• Develop a 1:1 peer-coaching program for managers using ICMA/league senior advisors to facilitate matches.
  • Experiment with regional peer support groups (Minneapolis and Chicago area examples).
  • Promote the use of facilitated performance evaluations.
  • Use ICMA’s Life, Well Run resources to help inform elected officials and members of the public regarding the council-manager form of government.
  • Use regional manager group meetings within the state to promote peer support and informal coaching.
  • Encourage the use of “community leadership academies” to help develop a pipeline for future elected officials.
  • Enhance the use of the Senior Advisor program to support managers in transition.
  • Create standard curriculum and materials for council/board retreats.
  • Create resource lists of retreat and performance evaluation facilitators.
  • Develop materials for executive recruiters to provide to councils and boards on how to attract, retain, communicate with, interact with, and evaluate managers.
  • Develop improved training resources regarding dealing with “outlier” council and board members or those with challenging personalities.
  • Develop training on how to address controversial issues that split the council/board.
  • Develop a toolkit of resources to orient first-time managers.
  • Encourage the use of self-assessment tools by managers to help assess areas of further personal/professional growth.
  • Develop resources to help managers enhance their communication skills to more effectively address inaccurate or abusive communications within the community (including in social media).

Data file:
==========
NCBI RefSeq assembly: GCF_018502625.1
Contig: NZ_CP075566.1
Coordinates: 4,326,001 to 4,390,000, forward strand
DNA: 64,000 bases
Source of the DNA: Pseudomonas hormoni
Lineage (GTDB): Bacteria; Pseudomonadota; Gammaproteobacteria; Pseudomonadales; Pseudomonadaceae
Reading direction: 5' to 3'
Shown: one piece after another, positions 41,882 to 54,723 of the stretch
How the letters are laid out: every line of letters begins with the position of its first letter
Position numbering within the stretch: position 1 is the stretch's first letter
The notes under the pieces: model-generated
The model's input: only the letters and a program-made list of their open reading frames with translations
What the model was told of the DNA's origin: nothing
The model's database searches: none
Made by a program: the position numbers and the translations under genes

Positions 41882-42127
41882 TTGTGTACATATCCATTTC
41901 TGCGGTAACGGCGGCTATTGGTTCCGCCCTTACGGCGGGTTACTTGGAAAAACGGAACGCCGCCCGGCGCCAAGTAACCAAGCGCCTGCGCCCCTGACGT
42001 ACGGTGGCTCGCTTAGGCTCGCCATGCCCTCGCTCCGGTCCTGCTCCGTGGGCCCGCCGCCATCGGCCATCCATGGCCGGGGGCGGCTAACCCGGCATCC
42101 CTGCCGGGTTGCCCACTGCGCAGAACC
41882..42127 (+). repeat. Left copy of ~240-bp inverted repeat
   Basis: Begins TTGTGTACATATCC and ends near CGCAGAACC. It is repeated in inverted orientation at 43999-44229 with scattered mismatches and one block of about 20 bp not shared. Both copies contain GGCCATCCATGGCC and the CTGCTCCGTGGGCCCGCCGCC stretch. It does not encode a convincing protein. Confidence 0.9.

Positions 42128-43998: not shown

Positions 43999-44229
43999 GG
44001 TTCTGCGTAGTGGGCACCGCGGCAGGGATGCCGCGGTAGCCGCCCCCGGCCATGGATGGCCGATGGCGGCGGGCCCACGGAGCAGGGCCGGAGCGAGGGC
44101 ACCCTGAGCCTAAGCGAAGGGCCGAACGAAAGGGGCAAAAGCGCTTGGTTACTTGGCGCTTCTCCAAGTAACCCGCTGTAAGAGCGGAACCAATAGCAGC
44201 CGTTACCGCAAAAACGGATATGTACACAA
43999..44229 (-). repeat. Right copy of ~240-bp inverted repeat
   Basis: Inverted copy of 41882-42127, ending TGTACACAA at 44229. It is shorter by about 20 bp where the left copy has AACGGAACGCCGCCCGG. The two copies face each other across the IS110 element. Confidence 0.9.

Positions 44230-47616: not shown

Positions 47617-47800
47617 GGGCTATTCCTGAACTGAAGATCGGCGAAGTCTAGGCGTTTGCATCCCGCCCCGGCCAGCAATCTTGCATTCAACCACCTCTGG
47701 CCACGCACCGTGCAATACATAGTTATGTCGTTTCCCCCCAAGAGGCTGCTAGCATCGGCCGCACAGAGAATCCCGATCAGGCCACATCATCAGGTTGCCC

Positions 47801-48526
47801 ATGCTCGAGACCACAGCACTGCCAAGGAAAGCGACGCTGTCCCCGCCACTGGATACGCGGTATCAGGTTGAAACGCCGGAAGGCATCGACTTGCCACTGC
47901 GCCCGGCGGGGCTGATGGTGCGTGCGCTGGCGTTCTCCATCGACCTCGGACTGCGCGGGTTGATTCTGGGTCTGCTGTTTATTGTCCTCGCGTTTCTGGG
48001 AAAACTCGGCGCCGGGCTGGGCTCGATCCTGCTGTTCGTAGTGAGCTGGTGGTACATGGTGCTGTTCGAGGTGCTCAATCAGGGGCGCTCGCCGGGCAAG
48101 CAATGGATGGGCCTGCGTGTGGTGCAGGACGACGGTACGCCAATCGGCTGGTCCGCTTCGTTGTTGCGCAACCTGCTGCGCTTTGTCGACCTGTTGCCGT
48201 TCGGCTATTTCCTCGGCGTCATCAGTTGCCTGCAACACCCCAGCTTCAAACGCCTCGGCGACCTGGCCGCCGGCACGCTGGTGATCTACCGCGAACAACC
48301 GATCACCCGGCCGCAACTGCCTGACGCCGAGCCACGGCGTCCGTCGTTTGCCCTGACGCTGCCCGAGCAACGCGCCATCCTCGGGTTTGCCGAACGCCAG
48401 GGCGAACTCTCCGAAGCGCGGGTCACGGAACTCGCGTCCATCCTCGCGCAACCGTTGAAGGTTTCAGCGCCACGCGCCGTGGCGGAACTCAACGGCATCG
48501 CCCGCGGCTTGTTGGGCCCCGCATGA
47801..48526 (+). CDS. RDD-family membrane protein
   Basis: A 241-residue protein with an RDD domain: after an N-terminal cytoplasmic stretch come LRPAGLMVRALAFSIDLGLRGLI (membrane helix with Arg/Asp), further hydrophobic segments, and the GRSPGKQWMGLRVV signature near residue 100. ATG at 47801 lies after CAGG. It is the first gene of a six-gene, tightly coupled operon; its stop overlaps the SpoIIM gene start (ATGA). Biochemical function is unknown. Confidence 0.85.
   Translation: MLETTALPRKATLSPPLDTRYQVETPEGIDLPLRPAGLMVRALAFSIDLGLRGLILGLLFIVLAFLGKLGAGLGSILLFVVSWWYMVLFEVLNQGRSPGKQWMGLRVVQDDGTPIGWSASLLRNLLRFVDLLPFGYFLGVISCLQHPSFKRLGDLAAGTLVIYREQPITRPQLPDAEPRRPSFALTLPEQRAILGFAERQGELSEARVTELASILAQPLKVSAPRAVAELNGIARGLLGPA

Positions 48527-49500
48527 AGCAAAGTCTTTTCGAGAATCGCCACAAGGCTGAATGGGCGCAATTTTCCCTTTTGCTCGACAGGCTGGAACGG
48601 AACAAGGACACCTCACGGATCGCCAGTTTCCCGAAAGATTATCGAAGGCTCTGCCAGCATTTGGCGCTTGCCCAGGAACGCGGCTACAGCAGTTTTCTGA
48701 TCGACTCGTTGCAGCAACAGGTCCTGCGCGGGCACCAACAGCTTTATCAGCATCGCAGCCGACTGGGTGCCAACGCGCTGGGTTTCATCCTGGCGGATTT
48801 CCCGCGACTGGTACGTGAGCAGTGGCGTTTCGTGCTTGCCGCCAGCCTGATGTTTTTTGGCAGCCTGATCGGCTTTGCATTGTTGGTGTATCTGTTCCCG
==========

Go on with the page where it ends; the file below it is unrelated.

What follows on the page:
• Better train managers to address issues associated with rapidly changing communities, including demographic changes, changing political alliances, and changed expectations and standards of behavior.

Recommendations

Based on the information generated by the survey and focus groups, a series of short and potential long-term recommendations were developed. These recommendations were premised on the need to coordinate efforts with other local government professional organizations within the state and the need to establish priorities based on resource availability.

Short-term recommended actions. These include:

  • Widely disseminate the report and its findings.
  • Review the findings and obtain input from the other local-government-focused professional associations in the state.
  • Develop, in conjunction with these associations, strategies to implement priority recommendations.
  • Reach out to organizations representing local elected officials regarding the findings to identify cooperative follow-up actions.
  • Develop a priority list of new and enhanced resources needed to support managers.
  • Create a depository on the Cal-ICMA website of new and existing resources to assist managers with the challenges identified in the report.